Finding a meteorite's final resting place

Nov 27, 2008
Chris Herd has developed a new technique to locate undiscovered meteorite craters.

(PhysOrg.com) -- University of Alberta researcher Chris Herd doesn't want people craning their necks, worrying about giant rocks falling from space. But he's unleashed new technology that could prove meteorite impacts with Earth aren't as rare as we think.

Herd, an associate professor of earth and atmospheric science agrees that "yes," a giant meteorite, almost 10 kilometres wide, likely ended the age of the dinosaurs, but will it happen again? "Something that big only happens every tens of millions of years," he said. "It's possible, but only remotely."

If you're counting, the so-called dinosaur-killing meteorite hit Earth 65 million years ago.

And about the Nov. 20 meteorite, estimated to be the size of an office desk, which blazed across the prairie sky and landed somewhere in Saskatchewan? Herd is confident we're safe. "The chances of actually being hit by a meteorite are almost incalculable," he said.

Putting meteorite impacts in perspective was a major concern this week as Herd released details of a new technique to locate undiscovered meteorite craters. The breakthrough came when Herd analyzed a meteorite crater near Whitecourt, 200 kilometres west of Edmonton.

Herd and his colleagues decided they needed an aerial view of the 36 metre-wide crater. "You can't spot it from the air because of the trees," He said, although the solution was close at hand. "We bought Light Detection and Ranging aerial images of the area that already existed."

LiDAR equipment is attached to an aircraft and beams of laser light capture 3-D images of the ground below. The forest industry uses the technology to count trees and determine the topography, but Herd wasn't interested in the trees.

"We asked for the Bare Earth model," he said. "That's terrain with the images of the trees and vegetation stripped away."

It was the breakthrough Herd was hoping for. The image of Whitecourt meteorite crater was clear as day.

Herd sees a bright future for crater counting. "We should be able to look through LiDAR data from wherever it's been acquired and find more undiscovered craters."

Current theories on Earth impacts say meteorites the size and age of the rock that made the crater near Whitecourt happen every 10 years. That's every 10 years for the last 10,000 years. When scientists adjust the numbers to account for meteorite hits in oceans and crater evidence erased by land erosion Herd is still encouraged.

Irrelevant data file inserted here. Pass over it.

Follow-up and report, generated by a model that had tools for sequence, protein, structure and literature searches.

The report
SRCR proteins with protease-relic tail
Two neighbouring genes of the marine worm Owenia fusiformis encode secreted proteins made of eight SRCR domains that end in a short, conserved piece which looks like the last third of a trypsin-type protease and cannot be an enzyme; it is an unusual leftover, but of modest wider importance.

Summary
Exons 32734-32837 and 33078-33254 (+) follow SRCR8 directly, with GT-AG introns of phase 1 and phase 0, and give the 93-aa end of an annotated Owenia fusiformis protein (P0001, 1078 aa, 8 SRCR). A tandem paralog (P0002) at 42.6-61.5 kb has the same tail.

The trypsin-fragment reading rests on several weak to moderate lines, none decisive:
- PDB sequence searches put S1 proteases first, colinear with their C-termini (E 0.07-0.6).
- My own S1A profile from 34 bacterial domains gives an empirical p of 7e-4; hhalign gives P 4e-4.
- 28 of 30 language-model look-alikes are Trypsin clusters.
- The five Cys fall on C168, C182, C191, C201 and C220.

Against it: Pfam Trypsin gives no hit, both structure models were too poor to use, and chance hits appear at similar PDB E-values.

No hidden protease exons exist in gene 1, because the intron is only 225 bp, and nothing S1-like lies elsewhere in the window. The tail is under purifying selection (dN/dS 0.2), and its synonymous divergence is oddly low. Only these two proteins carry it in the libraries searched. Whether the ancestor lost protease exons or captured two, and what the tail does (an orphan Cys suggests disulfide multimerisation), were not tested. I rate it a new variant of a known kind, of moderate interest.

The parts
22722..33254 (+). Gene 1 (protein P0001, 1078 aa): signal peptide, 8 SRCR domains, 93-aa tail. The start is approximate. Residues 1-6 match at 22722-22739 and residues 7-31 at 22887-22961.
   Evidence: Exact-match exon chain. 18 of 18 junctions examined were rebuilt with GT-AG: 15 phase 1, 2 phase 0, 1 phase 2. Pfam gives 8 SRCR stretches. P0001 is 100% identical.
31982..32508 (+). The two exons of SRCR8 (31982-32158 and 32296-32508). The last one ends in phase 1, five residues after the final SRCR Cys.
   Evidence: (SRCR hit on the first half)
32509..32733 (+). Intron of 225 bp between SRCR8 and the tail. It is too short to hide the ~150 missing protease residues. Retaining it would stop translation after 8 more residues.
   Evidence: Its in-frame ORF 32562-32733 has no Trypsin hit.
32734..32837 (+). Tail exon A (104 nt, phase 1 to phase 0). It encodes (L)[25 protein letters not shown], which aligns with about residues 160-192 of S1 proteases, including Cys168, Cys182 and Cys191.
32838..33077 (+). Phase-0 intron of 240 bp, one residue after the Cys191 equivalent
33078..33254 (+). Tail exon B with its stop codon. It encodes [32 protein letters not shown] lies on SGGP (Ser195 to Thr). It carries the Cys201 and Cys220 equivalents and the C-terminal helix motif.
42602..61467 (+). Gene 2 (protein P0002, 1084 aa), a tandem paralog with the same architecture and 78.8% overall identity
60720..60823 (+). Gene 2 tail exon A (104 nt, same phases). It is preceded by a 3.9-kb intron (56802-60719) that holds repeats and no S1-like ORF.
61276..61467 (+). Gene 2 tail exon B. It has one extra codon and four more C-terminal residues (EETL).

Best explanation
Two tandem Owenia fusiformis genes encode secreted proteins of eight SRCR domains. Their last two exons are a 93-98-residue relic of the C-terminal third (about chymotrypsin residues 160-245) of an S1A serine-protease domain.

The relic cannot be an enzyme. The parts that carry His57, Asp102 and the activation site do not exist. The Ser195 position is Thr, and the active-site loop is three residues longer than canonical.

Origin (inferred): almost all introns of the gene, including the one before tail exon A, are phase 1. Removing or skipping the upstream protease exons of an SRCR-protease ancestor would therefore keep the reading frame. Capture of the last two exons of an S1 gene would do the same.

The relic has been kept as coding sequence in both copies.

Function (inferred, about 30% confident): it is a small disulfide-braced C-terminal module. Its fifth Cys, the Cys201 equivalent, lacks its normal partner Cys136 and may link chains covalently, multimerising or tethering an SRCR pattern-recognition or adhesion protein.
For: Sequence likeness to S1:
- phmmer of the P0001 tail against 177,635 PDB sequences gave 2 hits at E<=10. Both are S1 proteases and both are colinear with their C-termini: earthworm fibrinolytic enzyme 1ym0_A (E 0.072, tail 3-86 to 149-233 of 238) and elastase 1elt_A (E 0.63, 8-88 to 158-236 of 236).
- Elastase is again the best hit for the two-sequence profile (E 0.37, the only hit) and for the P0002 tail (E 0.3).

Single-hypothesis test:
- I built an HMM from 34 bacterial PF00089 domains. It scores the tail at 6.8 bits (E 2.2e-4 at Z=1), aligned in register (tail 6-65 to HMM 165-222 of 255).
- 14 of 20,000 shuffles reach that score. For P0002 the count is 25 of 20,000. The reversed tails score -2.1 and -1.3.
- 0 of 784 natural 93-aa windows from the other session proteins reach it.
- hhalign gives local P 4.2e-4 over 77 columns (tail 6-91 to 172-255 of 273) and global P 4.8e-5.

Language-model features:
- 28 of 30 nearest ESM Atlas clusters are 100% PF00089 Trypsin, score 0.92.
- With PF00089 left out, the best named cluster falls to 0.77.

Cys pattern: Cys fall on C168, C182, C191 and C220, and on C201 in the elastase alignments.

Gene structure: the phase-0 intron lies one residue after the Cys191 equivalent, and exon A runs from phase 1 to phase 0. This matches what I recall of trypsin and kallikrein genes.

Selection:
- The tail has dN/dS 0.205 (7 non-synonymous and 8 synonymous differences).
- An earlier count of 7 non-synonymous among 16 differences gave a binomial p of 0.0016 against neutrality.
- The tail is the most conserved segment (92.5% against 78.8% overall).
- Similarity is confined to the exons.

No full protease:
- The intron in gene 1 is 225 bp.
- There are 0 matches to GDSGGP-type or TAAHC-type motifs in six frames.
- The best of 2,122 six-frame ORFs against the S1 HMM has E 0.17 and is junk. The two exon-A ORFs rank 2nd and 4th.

"There should be dozens, maybe a hundred, meteorite craters like Whitecourt."

A meteorite crater can tell a scientist when it came to Earth and what it was made of.

The Whitecourt meteorite fell to Earth about 1,100 years ago. Herd estimates it was about a metre wide. He knows the rock was composed of iron and nickel and that it started its journey through space in the core of a 4.5 billion-year-old asteroid. That asteroid broke apart and pieces of the core became meteorites. So far only half a dozen meteorite craters the age and size of the Whitecourt site have been located.

To find more of them Herd and others are negotiating access for more existing LiDAR surveys. He's already getting tips from people on where to start looking. "People are calling and say they remember seeing a bowl shaped depression in the Earth and we're building a file based on those accounts."

While some people might be looking skyward these days with a little concerned these are great times for Herd.

"I can't get enough of it. Meteorites are all good with me."

Provided by University of Alberta

Explore further: Spinning up a dust devil on Mars

add to favorites email to friend print save as pdf

Related Stories

Fingers pointed as climate talks deadlock

11 hours ago

Accusations flew at deadlocked UN climate talks in Lima on Saturday, as the United States warned that failure to compromise could doom the 22-year-old global forum.

Recommended for you

SDO captures images of two mid-level flares

4 hours ago

The sun emitted a mid-level flare on Dec. 18, 2014, at 4:58 p.m. EST. NASA's Solar Dynamics Observatory, which watches the sun constantly, captured an image of the event. Solar flares are powerful bursts ...

Why is Venus so horrible?

11 hours ago

Venus sucks. Seriously, it's the worst. The global temperature is as hot as an oven, the atmospheric pressure is 90 times Earth, and it rains sulfuric acid. Every part of the surface of Venus would kill you ...

Image: Christmas wrapping the Sentinel-3A antenna

13 hours ago

The moment a team of technicians, gowned like hospital surgeons, wraps the Sentinel-3A radar altimeter in multilayer insulation to protect it from the temperature extremes found in Earth orbit.

Video: Flying over Becquerel

14 hours ago

This latest release from the camera on ESA's Mars Express is a simulated flight over the Becquerel crater, showing large-scale deposits of sedimentary material.

Spinning up a dust devil on Mars

15 hours ago

Spinning up a dust devil in the thin air of Mars requires a stronger updraft than is needed to create a similar vortex on Earth, according to research at The University of Alabama in Huntsville (UAH).

User comments : 0

Please sign in to add a comment. Registration is free, and takes less than a minute. Read more

Click here to reset your password.
Sign in to get notified via email when new comments are made.